Using a combination of field samples from the Norwegian Sea and a new method for analyzing sea life populations, researchers have shown that tiny marine crustaceans called copepods use cannibalism as a mechanism to limit their population.
Traditional notions have assumed that fluctuations in marine populations can be explained mainly by physical processes. That is, if you understand ocean circulation and other physical functions affecting marine life, then you can understand how and why populations fluctuate. Other theories of marine populations are based on birth rates, including the processes of feeding and growth that lead to the production of new offspring.
Mark Ohman of Scripps Institution of Oceanography at the University of California, San Diego, and colleague Hans-Jrgen Hirche of the Alfred Wegener Institute for Polar and Marine Research in Germany, have provided evidence that there is much more to the story. Instead of birth rates, they flipped conventional notions and analyzed the death rates of copepods.
In their study, published in the August 9 edition of the journal Nature, Ohman and Hirche found that egg mortality in the copepod species Calanus finmarchicus is directly related to the abundance of females in the population.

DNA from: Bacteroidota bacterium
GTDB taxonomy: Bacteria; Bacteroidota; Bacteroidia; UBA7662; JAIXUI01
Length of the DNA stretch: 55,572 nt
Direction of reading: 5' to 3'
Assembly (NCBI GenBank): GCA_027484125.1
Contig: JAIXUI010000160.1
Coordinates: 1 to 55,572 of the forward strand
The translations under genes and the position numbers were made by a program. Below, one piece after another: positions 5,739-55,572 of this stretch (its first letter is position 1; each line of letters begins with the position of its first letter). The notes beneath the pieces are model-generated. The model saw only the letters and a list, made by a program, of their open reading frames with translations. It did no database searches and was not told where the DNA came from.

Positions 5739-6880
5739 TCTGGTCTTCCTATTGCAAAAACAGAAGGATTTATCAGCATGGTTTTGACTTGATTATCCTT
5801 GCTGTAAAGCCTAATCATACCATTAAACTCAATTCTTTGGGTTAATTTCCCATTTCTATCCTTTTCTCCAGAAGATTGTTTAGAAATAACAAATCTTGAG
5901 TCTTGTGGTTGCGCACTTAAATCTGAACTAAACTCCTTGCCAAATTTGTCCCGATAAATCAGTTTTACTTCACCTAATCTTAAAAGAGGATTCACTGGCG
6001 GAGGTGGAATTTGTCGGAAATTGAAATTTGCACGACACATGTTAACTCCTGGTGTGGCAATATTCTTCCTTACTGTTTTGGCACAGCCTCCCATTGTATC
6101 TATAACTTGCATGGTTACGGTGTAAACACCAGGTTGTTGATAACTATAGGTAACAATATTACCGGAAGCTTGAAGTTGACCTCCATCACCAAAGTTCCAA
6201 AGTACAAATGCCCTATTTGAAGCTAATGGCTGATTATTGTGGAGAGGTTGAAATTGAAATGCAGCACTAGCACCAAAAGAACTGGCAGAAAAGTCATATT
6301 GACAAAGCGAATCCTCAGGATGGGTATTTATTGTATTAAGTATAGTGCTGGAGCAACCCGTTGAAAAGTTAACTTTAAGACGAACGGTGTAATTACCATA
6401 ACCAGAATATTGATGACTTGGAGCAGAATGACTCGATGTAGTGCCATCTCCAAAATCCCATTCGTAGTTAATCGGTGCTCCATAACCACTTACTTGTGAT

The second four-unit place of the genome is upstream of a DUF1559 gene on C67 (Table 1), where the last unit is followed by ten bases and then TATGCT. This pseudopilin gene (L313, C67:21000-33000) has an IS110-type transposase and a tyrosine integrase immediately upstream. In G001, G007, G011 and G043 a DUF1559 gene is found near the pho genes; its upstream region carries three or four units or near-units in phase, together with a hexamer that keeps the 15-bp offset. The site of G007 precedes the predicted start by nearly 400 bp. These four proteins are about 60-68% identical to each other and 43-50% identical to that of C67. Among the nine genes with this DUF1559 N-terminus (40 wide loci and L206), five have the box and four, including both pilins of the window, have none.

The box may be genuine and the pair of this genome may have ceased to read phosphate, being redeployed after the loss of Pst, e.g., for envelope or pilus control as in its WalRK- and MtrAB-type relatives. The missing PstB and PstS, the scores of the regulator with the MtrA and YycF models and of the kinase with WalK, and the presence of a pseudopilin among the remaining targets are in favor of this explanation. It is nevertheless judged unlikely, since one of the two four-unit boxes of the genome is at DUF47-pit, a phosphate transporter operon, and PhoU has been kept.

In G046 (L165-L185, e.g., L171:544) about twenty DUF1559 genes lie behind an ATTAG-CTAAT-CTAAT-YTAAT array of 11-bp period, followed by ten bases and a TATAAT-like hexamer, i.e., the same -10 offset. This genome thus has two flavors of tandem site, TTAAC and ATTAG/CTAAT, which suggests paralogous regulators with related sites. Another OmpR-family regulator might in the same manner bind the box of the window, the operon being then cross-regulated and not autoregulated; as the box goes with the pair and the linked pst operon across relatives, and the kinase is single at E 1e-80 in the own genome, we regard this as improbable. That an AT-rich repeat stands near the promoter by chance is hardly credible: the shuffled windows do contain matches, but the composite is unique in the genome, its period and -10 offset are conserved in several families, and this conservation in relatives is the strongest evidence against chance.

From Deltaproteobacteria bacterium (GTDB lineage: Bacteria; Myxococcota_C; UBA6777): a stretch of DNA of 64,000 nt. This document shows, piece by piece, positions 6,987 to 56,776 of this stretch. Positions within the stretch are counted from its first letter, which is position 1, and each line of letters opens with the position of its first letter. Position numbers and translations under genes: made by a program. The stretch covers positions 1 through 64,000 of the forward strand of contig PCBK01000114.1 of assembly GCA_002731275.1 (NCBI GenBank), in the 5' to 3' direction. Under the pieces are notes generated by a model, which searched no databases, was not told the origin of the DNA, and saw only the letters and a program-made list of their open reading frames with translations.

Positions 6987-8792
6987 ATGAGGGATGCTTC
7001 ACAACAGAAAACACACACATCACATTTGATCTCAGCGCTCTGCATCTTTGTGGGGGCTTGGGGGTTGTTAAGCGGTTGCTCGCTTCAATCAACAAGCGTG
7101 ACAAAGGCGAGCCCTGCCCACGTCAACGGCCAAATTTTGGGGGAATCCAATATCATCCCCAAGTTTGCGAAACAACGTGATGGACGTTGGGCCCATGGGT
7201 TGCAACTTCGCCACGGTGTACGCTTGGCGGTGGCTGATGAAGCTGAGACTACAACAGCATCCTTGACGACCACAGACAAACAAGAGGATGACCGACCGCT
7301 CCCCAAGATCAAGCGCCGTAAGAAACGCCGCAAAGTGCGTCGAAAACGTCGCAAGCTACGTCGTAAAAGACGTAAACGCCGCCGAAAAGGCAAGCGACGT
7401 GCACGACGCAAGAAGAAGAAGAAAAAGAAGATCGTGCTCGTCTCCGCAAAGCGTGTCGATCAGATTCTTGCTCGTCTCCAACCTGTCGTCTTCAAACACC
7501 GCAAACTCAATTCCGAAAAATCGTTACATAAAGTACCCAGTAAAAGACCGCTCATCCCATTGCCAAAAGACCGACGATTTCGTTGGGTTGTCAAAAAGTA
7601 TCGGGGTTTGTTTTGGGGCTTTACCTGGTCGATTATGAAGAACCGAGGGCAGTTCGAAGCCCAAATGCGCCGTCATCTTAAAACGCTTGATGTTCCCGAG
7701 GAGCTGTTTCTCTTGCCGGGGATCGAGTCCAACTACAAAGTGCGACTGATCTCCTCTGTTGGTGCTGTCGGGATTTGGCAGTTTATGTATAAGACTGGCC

"We found that a tenfold increase in adult egg-producing female copepods will not result in a similar increase in the number of surviving eggs," said Ohman, a professor in the Integrative Oceanography Division at Scripps. "Rather, half as many eggs will survive. We believe the reason is cannibalism and we think its a self-regulating mechanism that no one has found before in the open sea."
Copepods, tiny marine crustaceans (about four Calanus finmarchicus fit end to end on a dime), are the most numerous multicellular animals in the oceans, and possibly the most numerous on Earth. T
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University of California - San Diego